Telstra Glide mobile phone
Telstra Glide review: The Telstra Glide is a cheap prepaid mobile phone that is poorly designed and built
- Benefits from excellent Next G network
- Glossy plastic attracts fingerprints
- Questionable build quality
- Mediocre touchscreen
The Telstra Glide prepaid mobile phone is a low cost, entry-level handset. Its slide-out QWERTY keyboard and resistive touchscreen are both poorly designed.
Price$ 129.00 (AUD)
Retailing for just $129, Telstra's Glide prepaid mobile phone is a low-cost, entry-level device targeted at teenagers who text excessively. Unfortunately, its key features, a slide-out QWERTY keyboard and a small, resistive touchscreen, are both poorly implemented.
Read our reviews of other top Telstra Next G mobiles on prepaid.
The Telstra Glide mobile phone certainly won't win any design awards. It's a compact slider handset that easily fits into your hand, though it is quite thick. Manufactured by ZTE, the Telstra Glide is constructed from cheap-feeling, glossy plastic that attracts an excessive amount of fingerprints. The Glide's slider also feels loose and rattles from side to side in both the open and closed positions, the rear battery cover creaks when pressed, and the buttons below the display are flat and don't offer great tactility.
The Telstra Glide has a 2.4in resistive touchscreen. It is not as responsive as most touchscreen phones with a capacitive screen and requires a firm press to activate. To compensate Telstra includes a stylus that is housed in the top left corner of the phone. The small size of the display means it's trickier to navigate than cheap Android phones like the Huawei IDEOS U8150. The home screen in particular has small icons that don't appear designed for finger presses, while scrolling and swiping across the screen is clunky.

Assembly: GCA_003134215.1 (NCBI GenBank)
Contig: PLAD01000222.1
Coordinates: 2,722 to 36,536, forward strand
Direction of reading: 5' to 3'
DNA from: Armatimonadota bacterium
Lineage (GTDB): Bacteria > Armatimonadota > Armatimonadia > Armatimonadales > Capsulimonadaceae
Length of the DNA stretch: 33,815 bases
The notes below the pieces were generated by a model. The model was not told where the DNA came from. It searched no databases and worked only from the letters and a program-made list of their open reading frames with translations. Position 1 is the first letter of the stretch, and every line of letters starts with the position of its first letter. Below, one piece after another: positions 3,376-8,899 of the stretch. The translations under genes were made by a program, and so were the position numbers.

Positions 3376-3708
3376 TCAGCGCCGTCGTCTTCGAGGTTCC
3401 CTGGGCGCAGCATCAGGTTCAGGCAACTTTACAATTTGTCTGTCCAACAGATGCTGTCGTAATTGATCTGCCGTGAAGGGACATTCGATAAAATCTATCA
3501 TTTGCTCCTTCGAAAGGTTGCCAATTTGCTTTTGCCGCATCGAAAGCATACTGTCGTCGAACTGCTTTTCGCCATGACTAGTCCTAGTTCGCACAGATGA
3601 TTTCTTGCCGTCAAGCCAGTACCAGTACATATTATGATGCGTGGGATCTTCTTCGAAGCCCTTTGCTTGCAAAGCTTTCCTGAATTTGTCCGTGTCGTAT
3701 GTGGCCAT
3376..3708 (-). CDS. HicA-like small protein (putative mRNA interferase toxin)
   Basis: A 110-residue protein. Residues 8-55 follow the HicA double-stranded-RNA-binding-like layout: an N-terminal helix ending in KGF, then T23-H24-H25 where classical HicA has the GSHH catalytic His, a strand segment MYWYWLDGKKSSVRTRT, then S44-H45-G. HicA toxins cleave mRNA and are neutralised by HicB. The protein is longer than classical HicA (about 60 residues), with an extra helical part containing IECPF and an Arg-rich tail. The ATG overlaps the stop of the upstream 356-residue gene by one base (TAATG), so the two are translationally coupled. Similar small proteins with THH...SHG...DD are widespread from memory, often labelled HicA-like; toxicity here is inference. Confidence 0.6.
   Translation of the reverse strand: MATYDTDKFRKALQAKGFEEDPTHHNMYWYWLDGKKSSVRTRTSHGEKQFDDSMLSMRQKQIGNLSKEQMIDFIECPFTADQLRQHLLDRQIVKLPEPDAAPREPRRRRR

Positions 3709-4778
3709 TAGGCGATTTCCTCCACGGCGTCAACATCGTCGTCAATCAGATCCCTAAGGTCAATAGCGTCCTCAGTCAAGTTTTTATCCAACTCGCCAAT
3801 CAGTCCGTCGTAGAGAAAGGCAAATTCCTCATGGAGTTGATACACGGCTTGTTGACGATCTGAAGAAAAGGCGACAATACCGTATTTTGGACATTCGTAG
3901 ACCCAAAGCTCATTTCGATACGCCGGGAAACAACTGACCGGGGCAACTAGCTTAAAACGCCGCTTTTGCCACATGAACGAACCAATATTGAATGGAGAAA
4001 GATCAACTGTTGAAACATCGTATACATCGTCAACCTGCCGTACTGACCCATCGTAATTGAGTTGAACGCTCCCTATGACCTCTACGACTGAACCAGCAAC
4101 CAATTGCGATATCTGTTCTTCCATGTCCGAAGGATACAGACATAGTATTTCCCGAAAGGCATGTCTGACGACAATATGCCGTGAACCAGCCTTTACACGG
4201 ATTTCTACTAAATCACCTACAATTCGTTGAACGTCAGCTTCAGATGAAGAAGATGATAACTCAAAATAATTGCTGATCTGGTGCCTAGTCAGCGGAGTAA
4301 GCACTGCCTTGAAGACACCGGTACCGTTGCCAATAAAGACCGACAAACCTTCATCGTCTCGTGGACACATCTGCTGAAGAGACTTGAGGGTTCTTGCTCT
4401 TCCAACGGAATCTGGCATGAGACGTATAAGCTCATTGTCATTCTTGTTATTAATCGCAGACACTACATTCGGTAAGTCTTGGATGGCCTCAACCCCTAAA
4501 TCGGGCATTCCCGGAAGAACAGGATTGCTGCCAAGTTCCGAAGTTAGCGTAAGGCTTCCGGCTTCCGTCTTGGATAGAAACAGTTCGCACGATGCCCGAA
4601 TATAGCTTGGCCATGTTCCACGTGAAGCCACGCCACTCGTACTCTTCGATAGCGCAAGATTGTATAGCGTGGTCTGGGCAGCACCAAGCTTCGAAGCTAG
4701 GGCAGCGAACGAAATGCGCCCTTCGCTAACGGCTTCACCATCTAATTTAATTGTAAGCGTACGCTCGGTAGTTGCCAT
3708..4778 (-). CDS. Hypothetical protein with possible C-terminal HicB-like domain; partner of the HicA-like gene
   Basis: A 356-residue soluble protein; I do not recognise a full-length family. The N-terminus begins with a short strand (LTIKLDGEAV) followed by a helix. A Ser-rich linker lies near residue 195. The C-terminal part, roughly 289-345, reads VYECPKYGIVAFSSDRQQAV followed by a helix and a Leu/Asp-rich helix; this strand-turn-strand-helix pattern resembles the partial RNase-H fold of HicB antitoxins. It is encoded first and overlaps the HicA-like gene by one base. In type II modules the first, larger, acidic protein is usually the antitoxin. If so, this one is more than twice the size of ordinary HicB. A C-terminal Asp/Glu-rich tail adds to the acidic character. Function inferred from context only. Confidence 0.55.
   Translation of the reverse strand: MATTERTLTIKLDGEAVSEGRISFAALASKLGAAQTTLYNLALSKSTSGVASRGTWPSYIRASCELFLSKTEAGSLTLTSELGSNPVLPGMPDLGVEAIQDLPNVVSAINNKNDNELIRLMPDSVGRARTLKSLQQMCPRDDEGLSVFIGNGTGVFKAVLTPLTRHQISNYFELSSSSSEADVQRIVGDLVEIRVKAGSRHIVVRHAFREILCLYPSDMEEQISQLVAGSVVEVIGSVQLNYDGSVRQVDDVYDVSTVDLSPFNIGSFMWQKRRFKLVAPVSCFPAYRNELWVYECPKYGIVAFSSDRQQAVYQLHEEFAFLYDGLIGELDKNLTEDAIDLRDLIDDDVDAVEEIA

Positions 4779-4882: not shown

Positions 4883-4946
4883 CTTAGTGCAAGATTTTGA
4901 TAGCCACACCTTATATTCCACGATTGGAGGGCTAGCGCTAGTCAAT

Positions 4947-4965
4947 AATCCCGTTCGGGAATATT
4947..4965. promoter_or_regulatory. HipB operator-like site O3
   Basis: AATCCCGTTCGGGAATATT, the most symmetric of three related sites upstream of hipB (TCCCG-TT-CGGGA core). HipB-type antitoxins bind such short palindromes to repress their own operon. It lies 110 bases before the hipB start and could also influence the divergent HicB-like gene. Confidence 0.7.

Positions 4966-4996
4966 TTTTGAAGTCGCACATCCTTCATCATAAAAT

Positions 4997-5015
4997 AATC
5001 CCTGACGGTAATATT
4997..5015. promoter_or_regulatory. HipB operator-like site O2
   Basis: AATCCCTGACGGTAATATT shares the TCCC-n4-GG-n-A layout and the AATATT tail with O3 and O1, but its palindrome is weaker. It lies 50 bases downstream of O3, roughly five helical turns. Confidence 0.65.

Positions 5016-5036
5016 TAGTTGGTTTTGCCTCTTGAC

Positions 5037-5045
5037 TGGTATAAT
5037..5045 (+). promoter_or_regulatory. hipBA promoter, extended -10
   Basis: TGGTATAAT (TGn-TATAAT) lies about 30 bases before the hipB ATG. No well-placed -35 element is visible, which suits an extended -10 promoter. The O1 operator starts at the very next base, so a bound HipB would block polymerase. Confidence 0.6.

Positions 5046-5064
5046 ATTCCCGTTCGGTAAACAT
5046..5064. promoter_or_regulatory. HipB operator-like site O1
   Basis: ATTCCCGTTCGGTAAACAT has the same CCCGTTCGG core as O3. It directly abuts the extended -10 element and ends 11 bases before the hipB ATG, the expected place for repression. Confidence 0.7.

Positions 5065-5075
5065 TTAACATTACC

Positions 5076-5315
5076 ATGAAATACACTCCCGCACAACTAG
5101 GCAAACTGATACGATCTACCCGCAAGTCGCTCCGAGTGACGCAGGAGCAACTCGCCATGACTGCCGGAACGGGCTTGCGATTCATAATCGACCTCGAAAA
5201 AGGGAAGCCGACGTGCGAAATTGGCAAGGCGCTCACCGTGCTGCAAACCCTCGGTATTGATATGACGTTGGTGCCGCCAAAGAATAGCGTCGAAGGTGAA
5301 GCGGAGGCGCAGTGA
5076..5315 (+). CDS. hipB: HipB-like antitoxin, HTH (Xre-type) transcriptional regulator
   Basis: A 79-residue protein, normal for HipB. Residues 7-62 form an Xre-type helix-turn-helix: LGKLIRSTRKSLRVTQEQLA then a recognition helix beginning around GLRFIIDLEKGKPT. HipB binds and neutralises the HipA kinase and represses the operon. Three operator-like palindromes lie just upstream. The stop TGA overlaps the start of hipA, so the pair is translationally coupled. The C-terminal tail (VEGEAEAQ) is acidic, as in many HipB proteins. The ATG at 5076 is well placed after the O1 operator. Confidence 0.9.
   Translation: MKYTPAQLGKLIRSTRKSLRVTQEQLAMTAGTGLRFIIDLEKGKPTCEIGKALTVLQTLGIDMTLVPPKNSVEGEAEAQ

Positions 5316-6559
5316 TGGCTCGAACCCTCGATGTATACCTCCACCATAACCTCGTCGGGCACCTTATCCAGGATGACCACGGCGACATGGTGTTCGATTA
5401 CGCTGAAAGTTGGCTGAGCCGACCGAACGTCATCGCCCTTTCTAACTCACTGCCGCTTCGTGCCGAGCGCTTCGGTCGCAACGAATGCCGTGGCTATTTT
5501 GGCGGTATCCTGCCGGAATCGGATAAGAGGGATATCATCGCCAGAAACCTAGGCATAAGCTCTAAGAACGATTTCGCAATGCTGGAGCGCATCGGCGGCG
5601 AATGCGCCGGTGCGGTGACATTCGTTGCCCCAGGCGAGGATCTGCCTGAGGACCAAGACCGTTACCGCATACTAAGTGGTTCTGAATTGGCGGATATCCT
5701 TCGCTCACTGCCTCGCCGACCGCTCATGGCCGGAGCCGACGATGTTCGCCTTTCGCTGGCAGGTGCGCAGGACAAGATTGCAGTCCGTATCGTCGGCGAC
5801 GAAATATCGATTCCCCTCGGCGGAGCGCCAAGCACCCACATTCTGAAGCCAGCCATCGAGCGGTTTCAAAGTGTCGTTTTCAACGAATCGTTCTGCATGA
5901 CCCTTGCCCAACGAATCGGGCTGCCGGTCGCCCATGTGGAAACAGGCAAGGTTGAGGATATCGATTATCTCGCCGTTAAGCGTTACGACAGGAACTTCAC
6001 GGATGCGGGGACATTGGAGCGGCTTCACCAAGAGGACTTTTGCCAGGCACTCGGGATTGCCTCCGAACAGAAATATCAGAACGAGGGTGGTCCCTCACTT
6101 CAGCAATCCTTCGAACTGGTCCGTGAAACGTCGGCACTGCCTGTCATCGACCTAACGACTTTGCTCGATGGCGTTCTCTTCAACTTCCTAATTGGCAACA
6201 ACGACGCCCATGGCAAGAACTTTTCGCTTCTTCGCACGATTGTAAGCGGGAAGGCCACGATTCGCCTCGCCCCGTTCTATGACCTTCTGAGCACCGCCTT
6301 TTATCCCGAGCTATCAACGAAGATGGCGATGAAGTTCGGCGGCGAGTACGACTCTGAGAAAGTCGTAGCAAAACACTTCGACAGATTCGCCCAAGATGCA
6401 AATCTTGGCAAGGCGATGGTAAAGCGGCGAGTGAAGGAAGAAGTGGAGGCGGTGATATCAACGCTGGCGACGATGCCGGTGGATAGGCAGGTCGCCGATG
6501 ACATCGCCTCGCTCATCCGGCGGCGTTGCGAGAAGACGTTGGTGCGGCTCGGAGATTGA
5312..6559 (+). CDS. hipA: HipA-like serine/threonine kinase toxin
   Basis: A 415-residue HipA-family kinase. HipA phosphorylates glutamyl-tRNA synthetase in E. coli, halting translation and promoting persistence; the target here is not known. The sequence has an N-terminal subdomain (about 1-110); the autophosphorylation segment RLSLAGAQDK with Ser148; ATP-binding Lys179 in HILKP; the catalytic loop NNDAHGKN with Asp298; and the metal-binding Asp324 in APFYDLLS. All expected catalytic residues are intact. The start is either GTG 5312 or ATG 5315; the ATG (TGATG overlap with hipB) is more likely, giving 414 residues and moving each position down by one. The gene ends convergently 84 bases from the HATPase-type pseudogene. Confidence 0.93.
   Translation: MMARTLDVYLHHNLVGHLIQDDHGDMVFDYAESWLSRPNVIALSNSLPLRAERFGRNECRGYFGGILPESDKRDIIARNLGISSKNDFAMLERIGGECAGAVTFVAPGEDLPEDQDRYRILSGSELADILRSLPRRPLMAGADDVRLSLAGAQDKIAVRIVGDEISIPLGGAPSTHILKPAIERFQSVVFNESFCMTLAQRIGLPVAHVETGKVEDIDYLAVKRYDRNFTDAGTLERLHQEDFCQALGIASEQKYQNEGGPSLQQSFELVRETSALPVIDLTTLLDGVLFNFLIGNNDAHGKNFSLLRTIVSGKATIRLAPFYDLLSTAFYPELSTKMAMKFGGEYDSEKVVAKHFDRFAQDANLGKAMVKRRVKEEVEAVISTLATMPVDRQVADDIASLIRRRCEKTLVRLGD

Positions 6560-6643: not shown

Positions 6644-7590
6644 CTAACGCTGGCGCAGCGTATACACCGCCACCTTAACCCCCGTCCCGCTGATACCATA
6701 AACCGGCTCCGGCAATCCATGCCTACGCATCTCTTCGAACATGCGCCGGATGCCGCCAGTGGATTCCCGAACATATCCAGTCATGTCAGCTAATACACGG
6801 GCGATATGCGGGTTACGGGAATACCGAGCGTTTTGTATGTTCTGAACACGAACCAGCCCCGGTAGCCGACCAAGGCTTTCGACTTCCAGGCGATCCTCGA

The key feature of the Telstra Glide is its slide-out QWERTY keyboard, but like the rest of this phone, it is poorly designed and implemented. The keys are well spaced, but each key is flat and requires a firm press, making typing an uncomfortable chore. The layout of the keyboard is also questionable; you need to use a shift key for basic symbols like comma and full stop.
The Telstra Glide mobile phone naturally comes with links to a wide range of Telstra apps and services, most of which you'll never use. Facebook, Twitter, MySpace, Flickr and YouTube are also included in the main menu, but these are merely links to the mobile versions of each of these sites rather than dedicated applications. Though it is useable and benefits from Telstra's excellent Next G network, the Glide's browser takes too long to load pages and the small screen makes for an overall poor mobile Web experience. The screen also makes it difficult to click on links with any sort of accuracy.
Other features of the Telstra Glide include a basic 3-megapixel camera, an MP3 and video player, an FM radio, and a microSD card slot for extra storage. Disappointingly, the Glide doesn't have a standard 3.5mm headphone jack, instead utilising a combination mini-USB headphone and charging jack.
The Telstra Glide is available in Australia through Telstra prepaid for $129.
Become a fan of PC World Australia on Facebook
Follow PC World Australia on Twitter: @PCWorldAu
Stay up to date with the latest news, reviews and features. Sign up to PC World’s newsletters
Join the PC World newsletter!